I’ve seen lots of blame being placed on the Department of Health for not doing enough about the issue and legislators not funding research about this.  A few weeks ago, I received a mass email from Ashley Lukens of the Center for Food Safety bragging about not getting the organic tax credit law rescinded this past session.  Her group, along with the other anti-ag groups like the Surfrider Foundation, the Sierra Club, and even Earthjustice, spent taxpayer dollars to fight a conflated problem and enabled a real problem to surface.

We also stopped multiple industry bills aimed at attacking small farmers (HB452), repealing the organic farming tax credit (HB961) and setting unreasonable standards that mandate all applicators of any pesticide be forced to report their usage (HB1302).

There was ZERO mention of a real food safety issue affecting every farm.  No peep of rat lungworm disease.  Organic farmers and even conventional farmers have lost a lot of sales because of this issue and buyers have turned to the mainland sources instead of heeding the buy local slogans.  For a group that demanded the right to know, I’m not shocked that she prefers to keep the public in the dark about what organic farmers spray and the amounts being used.  Shouldn’t it be fair across the board? I get so mad knowing that this is just another chip at agriculture overall that will make us 100% dependent upon imports.

None of these environmental groups even shared info to their followers on opportunities to follow good agricultural practices either.  These groups told people that government couldn’t be trusted and by sharing info from extension agents only contradicts what they’ve been telling the public all these years.  The focus on trusting experts is in dire need right now but none of these groups could ever turn that stone over and show how wrong they were to begin with.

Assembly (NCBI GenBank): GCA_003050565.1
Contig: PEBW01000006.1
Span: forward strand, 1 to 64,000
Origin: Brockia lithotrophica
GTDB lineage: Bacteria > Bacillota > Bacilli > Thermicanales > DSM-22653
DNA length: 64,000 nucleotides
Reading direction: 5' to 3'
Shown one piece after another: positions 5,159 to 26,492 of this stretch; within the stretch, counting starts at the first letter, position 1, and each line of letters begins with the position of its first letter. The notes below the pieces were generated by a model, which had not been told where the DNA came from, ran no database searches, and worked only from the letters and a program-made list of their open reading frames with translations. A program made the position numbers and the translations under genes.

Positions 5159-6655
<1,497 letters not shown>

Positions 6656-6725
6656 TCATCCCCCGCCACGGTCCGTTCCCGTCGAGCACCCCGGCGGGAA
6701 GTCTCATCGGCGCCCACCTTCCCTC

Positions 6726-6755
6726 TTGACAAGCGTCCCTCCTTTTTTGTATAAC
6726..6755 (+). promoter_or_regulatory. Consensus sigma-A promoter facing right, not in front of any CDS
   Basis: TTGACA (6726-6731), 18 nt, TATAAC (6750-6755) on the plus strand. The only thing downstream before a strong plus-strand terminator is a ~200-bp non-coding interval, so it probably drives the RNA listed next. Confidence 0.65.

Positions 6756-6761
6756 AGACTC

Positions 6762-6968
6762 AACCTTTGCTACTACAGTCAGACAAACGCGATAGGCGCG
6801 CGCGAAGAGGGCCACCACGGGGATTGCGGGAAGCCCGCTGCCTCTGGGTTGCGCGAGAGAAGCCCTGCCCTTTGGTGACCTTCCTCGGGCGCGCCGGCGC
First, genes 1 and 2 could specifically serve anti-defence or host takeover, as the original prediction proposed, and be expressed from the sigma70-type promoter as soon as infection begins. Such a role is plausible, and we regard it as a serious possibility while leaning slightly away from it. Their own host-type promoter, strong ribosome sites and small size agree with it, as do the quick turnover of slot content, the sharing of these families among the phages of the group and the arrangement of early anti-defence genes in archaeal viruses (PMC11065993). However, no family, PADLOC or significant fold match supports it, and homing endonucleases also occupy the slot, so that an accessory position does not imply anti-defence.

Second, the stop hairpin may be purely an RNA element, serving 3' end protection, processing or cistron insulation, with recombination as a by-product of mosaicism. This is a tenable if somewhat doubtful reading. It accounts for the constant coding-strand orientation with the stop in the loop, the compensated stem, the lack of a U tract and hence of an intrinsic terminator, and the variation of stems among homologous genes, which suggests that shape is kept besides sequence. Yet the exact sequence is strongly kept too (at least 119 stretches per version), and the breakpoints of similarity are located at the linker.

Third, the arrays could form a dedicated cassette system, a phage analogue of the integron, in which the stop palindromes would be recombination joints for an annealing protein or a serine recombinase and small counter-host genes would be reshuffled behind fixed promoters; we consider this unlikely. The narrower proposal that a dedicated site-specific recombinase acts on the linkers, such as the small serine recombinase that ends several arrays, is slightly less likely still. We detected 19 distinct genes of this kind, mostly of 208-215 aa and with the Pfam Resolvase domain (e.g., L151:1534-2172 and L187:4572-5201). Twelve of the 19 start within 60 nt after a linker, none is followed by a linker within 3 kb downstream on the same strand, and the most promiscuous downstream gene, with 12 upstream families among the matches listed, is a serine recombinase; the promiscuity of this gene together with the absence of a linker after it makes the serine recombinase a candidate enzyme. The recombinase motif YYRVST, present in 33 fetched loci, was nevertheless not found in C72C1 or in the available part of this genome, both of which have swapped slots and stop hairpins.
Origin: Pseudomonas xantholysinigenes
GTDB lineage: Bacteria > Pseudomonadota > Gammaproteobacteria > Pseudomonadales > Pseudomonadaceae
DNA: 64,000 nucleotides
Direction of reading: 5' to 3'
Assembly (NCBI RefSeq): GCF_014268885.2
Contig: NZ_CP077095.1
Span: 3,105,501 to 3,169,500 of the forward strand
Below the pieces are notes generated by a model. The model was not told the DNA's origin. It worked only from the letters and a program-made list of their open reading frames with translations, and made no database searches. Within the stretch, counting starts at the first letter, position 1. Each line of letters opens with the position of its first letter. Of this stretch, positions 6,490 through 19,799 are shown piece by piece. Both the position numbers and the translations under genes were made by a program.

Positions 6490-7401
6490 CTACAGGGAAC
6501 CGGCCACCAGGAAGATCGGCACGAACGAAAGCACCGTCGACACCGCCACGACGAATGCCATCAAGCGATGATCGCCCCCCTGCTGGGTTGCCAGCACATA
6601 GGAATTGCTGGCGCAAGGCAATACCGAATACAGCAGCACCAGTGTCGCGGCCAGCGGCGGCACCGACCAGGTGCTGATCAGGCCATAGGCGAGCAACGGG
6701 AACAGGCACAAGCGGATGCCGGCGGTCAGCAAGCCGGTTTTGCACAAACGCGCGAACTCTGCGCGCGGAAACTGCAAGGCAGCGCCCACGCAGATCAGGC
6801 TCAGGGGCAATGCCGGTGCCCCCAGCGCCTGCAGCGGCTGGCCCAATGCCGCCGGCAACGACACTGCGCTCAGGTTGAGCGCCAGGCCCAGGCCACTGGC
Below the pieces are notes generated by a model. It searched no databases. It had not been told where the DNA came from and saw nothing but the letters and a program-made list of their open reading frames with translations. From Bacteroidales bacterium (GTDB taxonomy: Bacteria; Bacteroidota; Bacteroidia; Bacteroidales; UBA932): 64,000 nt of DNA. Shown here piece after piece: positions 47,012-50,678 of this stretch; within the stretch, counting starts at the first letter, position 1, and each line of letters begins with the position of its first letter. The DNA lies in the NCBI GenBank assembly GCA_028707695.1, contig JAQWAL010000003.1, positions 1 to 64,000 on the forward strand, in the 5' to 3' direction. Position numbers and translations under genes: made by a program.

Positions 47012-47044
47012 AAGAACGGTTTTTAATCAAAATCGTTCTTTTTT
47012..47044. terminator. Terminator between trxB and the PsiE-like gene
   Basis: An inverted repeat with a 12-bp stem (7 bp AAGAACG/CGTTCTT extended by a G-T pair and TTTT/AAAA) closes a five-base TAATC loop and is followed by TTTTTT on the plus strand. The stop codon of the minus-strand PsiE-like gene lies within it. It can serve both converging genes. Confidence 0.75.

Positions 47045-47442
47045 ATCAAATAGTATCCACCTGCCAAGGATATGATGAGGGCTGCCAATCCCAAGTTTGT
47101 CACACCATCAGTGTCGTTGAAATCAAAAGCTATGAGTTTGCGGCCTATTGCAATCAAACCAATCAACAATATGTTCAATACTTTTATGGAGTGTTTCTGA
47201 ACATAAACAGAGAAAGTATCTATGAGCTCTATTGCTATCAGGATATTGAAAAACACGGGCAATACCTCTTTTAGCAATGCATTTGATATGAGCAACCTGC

The tax credit for organic farmers won’t even matter when no one wants to buy their produce in fear of rat lungworm disease.  Why would any consumer want to risk catching this preventable illness to eat expensive, possibly unsafe produce, that wasn’t grown properly?  The experts have already stated that controlling the vectors like rats and slugs is a huge way to prevent this from happening.  There’s even emergency situations where organic farmers can use pesticides to manage this issue.  The fact that pesticides have utility is really coming to the forefront as more stories are told of pain and debility from this parasite.  I’d like to see the politicians repeal that law next year and put the funds back in to help ALL farmers produce safe food and get a tax break, not just one certain group.  To not do that is discrimination if you ask me.

The failure of legislators to not focus on evidence based problems is showing up as many unintended consequences.  The little fire ant invaded a Maui lot necessitating a court order to allow for treatment of the pests is telling of the fear mongering by those claiming to protect the environment.  The Zika virus and even sharp rises in dengue fever also brought fear to the Big Island and Senator Green called for spraying of pesticides to protect people.  The Civil Beat article also notes that spraying becomes difficult with many organic farms who will lose certification but fails to mention that there are emergency measures that can be taken to avoid that.

I’ve always thought that the leaders of our state, the legislators, had a duty to protect the public and use resources wisely.  That clearly isn’t what’s happening here.  The fear mongering of the organic industry against pesticides has brought rat lungworm disease to the forefront and helped to harbor the little fire ant.  Many livelihoods including their own farmers have been impacted and will be if there isn’t some accountability placed upon these “leaders.”  They’ve clearly made some bad decisions that have permanently changed the lives of many people.  The public deserves better from those holding office and a reminder of the oath they took to protect us, as well as make the best decisions instead of looking at ways to pad their own coffers and egos.